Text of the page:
Stopping Disloyal Employees From Helping Your Competitors

July 29, 2016

Topics: Employees as Competitors

Businesses today survive or fail based on their ability to develop innovative products and business ideas – often referred to as a company’s proprietary information or trade secrets.  Increasingly, these trade secrets are a company’s most valued assets.  Unfortunately, many businesses fail to secure their trade secrets against their biggest threat, their own employees.

Disloyal or disgruntled employees are increasingly profiting from their employer’s trade secrets on the open market – whether by directly selling trade secrets, or by increasing the employees’ worth to a competitor.  The electronic age has made such activity substantially easier for employees, and much more difficult for employers to initially detect.  What steps can employers take to avoid this nightmare? This article will describe the methods available so business owners can protect their valuable trade secrets and proprietary information.

The primary method available for employers in this scenario is preventive – avoiding the problem from the outset.  Employers should have their practices audited to ensure that they effectively protect their trade secrets in at least the following two ways:

Establish And Enforce Effective but Legal Security Policies. It is a necessity for companies to restrict the dissemination of, and access to, trade secrets, as well as implement proper monitoring devices to prevent theft.  The key, however, is to do this, without violating laws that may protect an employees’ privacy rights in these areas.  For example, employers’ ability to track certain communications, or monitor employees’ activity on company computers, may need to be specifically set forth in its policies and/or consented to by its employees, to avoid violation of certain privacy laws.

Other practices can also increase an employer’s ability to protect its assets.  One is legally maintaining tight control over access to a business’s premises and what leaves its premises.  Similarly, proper termination procedures when employees are let go can reduce an employer’s risk of employee theft of its secrets.  Finally, once security policies are enacted the appropriate personnel need to be trained on how to implement and enforce them without exposing the company to liability.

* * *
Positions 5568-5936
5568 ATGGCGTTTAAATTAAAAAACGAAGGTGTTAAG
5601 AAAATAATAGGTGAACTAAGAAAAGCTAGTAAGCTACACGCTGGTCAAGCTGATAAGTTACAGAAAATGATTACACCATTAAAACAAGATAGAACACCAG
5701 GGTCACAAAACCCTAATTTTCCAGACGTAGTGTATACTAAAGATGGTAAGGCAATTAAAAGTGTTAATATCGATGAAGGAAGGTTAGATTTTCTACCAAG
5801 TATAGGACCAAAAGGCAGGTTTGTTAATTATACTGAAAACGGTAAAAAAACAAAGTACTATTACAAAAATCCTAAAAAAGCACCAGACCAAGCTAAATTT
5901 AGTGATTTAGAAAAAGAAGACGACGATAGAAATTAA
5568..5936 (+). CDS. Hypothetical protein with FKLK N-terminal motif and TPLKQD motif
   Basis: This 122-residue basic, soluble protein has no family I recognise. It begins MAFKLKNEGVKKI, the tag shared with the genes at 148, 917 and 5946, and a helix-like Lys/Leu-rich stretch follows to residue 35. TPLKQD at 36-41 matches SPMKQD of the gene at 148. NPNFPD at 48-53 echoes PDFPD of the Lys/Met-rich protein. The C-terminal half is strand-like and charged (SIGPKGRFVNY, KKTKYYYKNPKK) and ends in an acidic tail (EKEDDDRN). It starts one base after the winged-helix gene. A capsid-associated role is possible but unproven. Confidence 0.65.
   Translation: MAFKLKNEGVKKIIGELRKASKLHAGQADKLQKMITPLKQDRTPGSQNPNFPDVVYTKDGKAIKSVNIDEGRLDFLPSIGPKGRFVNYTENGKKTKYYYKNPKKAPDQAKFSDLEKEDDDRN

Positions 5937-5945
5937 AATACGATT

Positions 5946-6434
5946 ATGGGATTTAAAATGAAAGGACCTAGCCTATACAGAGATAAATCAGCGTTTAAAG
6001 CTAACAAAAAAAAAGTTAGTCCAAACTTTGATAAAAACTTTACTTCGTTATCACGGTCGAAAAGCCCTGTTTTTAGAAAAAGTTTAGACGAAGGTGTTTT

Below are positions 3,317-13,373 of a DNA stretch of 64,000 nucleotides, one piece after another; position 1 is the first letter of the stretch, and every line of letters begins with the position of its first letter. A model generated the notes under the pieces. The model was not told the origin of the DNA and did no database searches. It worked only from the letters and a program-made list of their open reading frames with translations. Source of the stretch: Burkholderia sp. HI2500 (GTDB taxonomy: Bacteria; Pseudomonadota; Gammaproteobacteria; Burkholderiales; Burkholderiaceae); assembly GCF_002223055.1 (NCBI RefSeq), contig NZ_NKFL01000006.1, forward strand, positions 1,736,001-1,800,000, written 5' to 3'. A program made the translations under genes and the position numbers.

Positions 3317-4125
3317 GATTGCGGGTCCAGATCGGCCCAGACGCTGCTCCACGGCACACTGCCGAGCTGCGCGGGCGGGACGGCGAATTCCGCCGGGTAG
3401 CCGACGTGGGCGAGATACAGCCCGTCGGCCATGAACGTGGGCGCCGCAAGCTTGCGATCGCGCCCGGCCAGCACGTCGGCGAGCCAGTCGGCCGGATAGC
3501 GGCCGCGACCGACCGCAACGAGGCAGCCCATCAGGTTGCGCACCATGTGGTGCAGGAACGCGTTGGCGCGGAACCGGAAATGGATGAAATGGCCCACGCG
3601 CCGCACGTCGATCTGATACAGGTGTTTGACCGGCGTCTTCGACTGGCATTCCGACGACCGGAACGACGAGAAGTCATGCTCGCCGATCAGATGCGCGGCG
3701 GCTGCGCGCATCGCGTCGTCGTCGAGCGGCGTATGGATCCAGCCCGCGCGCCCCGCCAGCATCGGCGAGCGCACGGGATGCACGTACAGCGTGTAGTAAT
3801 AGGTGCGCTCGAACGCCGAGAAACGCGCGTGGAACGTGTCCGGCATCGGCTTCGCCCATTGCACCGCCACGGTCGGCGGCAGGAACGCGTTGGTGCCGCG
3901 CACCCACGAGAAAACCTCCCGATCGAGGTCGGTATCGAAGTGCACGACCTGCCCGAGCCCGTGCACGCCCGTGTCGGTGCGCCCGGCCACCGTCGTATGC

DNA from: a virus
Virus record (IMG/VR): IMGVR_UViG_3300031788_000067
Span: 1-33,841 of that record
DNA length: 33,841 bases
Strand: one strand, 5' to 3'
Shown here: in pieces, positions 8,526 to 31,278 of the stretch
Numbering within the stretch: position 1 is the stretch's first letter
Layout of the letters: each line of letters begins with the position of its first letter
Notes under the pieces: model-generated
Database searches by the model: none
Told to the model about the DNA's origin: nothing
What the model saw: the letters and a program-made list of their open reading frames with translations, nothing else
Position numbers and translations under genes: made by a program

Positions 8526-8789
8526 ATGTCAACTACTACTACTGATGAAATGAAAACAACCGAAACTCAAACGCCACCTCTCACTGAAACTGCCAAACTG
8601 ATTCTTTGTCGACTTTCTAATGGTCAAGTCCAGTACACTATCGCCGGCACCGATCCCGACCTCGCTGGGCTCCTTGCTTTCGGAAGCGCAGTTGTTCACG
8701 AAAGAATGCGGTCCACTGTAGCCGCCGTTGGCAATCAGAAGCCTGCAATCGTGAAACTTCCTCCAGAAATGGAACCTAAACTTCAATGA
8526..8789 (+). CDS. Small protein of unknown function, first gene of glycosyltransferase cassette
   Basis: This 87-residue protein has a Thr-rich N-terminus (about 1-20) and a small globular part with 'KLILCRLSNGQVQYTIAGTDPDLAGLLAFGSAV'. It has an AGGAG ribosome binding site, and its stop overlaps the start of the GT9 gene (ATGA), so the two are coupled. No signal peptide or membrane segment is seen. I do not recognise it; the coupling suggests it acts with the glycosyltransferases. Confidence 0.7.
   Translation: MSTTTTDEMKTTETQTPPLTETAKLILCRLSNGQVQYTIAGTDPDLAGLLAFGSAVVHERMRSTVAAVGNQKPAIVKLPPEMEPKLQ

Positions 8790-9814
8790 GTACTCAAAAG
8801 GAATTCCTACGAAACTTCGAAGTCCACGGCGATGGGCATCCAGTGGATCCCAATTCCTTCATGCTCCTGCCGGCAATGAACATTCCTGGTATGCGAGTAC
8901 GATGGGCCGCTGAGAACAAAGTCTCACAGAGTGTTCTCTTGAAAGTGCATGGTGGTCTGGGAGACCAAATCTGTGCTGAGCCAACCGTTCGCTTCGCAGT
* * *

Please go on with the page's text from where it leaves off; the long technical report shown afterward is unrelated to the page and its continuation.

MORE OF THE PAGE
Protect Your Assets With Agreements. In addition to adjusting one’s practices, formal legal protections should also be employed.  Contracts in which employees agree to protect their employer’s business, for example non-compete or confidentiality agreements, are a necessity for companies that are trying to protect trade secrets.  Properly drafted, these contracts can stop your employees and your competitors in their tracks, as well as make them pay for their theft.

Such agreements are becoming more enforceable, but usually only if they are properly tailored and designed specifically to the employee involved and your business.  Boilerplate agreements will generally not be enforced.  For example, business owners should wisely choose those employees that are bound by non-compete agreements (restricting competition with a company after employment ends).  There are strict conditions on the enforceability of such agreements.  Overuse or improper drafting of these agreements can render them unenforceable against any employees.

On the other hand, confidentiality agreements (those protecting trade secrets and other information) should be much more widely used.  Similarly, non-solicitation agreements (protecting contact with your customers or employees), can be a very effective tool to deal with employees who obtain sensitive information about your customers.

It truly pays to take these issues seriously and prepare in advance.  Every day a company delays, it is inviting its competitors in its back door without the ability to take proper recourse.